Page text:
Vislielākais burtu izmērs
Lielāks burtu izmērs
Burtu standarta izmērs
International WRB Soil Classification Field Workshop in Latvia and Estonia (July 22-27, 2017)
Last Update

The development of the international soil classification system World Reference Base for Soil Resources (WRB) has progressively improved the characterization of the functioning of soil systems and the understanding of soil processes and soil functional qualities for agriculture, forestry and the environment.

The International WRB Soil Classification Field Workshop held in Latvia and Estonia (July 22-27, 2017) was a great opportunity for soil scientists to stimulate deep reflections on the strong links between soil classification, soil quality and sustainable soil management and conservation. We were able to test the WRB in the boreo-nemoral region, where soils are the result of very complex factors and processes at different scales.

The participants of the workshop came from 13 countries: Estonia, Latvia, Russia, Poland, Germany, Austria, Italy, Spain, Belgium, The Netherlands, Norway, Mexico, and South Africa, among them a significant number of young scientists.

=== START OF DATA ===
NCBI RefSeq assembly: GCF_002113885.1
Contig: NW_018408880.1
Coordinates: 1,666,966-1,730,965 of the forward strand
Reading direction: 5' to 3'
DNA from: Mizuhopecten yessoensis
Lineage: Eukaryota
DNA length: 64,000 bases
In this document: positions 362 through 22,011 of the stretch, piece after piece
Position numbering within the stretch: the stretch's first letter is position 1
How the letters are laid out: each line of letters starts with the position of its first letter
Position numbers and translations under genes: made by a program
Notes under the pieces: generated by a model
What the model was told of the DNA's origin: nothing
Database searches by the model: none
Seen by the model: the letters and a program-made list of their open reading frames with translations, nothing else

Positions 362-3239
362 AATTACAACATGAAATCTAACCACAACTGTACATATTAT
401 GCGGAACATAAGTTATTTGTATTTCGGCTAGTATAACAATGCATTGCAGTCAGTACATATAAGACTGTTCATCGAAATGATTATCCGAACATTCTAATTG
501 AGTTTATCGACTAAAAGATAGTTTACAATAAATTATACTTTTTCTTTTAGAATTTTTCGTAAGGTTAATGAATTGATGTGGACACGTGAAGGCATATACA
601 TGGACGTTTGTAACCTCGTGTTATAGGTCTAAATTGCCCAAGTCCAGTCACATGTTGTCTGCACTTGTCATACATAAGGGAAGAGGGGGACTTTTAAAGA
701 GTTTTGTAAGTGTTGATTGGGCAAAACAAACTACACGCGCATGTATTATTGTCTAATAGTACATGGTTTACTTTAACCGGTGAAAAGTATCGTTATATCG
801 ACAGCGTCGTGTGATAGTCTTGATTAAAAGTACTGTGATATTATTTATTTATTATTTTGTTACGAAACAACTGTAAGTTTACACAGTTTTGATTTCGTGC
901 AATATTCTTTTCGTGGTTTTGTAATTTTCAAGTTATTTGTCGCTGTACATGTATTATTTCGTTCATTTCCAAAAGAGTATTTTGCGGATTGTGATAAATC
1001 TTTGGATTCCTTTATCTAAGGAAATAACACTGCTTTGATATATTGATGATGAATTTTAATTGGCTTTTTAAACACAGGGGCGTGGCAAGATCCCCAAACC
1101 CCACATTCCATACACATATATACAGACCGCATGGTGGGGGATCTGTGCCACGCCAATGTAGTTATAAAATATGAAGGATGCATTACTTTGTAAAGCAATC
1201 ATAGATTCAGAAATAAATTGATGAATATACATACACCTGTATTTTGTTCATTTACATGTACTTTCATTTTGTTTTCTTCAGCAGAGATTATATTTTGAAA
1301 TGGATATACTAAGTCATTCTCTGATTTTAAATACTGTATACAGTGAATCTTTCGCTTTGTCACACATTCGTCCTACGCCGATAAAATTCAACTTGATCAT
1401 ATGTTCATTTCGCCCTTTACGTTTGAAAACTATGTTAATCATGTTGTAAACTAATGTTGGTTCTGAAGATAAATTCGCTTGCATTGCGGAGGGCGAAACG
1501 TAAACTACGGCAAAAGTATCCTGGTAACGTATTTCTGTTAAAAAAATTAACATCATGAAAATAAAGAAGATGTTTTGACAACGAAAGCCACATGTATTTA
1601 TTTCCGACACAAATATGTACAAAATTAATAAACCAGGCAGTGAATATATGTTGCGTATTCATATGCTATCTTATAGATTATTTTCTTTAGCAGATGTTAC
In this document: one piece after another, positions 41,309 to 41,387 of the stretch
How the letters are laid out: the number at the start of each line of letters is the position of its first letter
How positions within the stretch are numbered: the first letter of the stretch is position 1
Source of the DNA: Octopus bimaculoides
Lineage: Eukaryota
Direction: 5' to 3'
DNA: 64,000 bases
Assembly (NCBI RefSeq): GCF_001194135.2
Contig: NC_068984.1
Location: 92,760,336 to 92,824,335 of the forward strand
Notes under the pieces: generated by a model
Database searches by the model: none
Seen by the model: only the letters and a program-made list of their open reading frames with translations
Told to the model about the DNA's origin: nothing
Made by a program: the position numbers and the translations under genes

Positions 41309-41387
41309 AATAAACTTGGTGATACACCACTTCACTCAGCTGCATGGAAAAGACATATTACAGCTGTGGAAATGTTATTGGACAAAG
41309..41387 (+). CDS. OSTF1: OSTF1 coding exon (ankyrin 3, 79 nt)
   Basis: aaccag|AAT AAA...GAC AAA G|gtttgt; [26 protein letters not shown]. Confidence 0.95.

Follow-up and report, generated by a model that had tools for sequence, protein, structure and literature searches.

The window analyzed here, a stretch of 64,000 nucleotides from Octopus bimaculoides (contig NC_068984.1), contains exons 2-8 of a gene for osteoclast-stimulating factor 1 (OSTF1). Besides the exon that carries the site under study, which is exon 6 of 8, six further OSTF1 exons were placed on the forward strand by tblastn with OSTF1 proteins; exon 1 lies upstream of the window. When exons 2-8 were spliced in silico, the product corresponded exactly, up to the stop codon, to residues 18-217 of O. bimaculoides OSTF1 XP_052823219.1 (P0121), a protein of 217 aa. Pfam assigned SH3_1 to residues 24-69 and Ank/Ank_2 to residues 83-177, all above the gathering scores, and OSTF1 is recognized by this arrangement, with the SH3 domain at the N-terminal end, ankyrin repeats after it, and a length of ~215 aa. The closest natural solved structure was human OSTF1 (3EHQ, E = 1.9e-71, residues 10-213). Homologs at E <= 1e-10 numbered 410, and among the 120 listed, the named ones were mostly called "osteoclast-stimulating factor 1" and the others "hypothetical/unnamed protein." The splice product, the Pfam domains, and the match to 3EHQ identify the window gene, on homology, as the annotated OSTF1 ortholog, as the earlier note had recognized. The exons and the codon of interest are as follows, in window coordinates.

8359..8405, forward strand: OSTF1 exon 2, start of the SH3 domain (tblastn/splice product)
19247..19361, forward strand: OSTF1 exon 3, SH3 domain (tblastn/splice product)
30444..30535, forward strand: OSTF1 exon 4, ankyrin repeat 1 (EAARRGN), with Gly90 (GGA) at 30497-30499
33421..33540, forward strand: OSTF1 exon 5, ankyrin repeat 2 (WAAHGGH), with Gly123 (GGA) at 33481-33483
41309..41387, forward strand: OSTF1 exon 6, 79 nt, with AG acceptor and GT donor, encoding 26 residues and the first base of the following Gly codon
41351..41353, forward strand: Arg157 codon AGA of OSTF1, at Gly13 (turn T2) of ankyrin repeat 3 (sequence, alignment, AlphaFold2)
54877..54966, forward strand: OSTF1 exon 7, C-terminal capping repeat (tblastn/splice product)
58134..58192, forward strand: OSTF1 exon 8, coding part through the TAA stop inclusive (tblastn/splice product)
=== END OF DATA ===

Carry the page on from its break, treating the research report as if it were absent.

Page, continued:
The soil profiles were developed mainly from Late Weichselian glacial deposits (formed by loamy sand, sandy clay, loam, clay, gravel, and sand) that have been altered to some extent by postglacial aeolian, marine, lacustrine, alluvial and mire sediments, as well as formed on pre-Quaternary sedimentary rocks.

This workshop showed terrestrial, semihydromorphous and hydromorphous soils. We saw 22 soil profiles, which belong to the following Reference Soil Groups: Histosols, Gleysols, Planosols, Stagnosols, Phaeozems, Luvisols, Retisols, Podzols, Cambisols, Calcisols, Arenosols, Fluvisols, and Anthrosols. They were located in intensively and extensively used agricultural lands and in deciduous and coniferous forests. Some had thick organic surface layers, and the humus forms and related biological activities were discussed: mull, moder, mor, amphi etc. Many peatlands had been drained resulting in enhanced decomposition of organic matter. Some of them still are Histosols, in the WRB characterized by the Murshic qualifier, and some passed to other Reference Soil Groups. Soils characterized by groundwater (Gleysols) or stagnant water (Planosols, Stagnosols) are very common and led to an intensive discussion how to differentiate them.

Such field workshops with discussions of specialists from different countries and different disciplines of soil science, like soil morphology, soil genesis, soil management, soil conservation, and soil classification, are important for the further development of our science.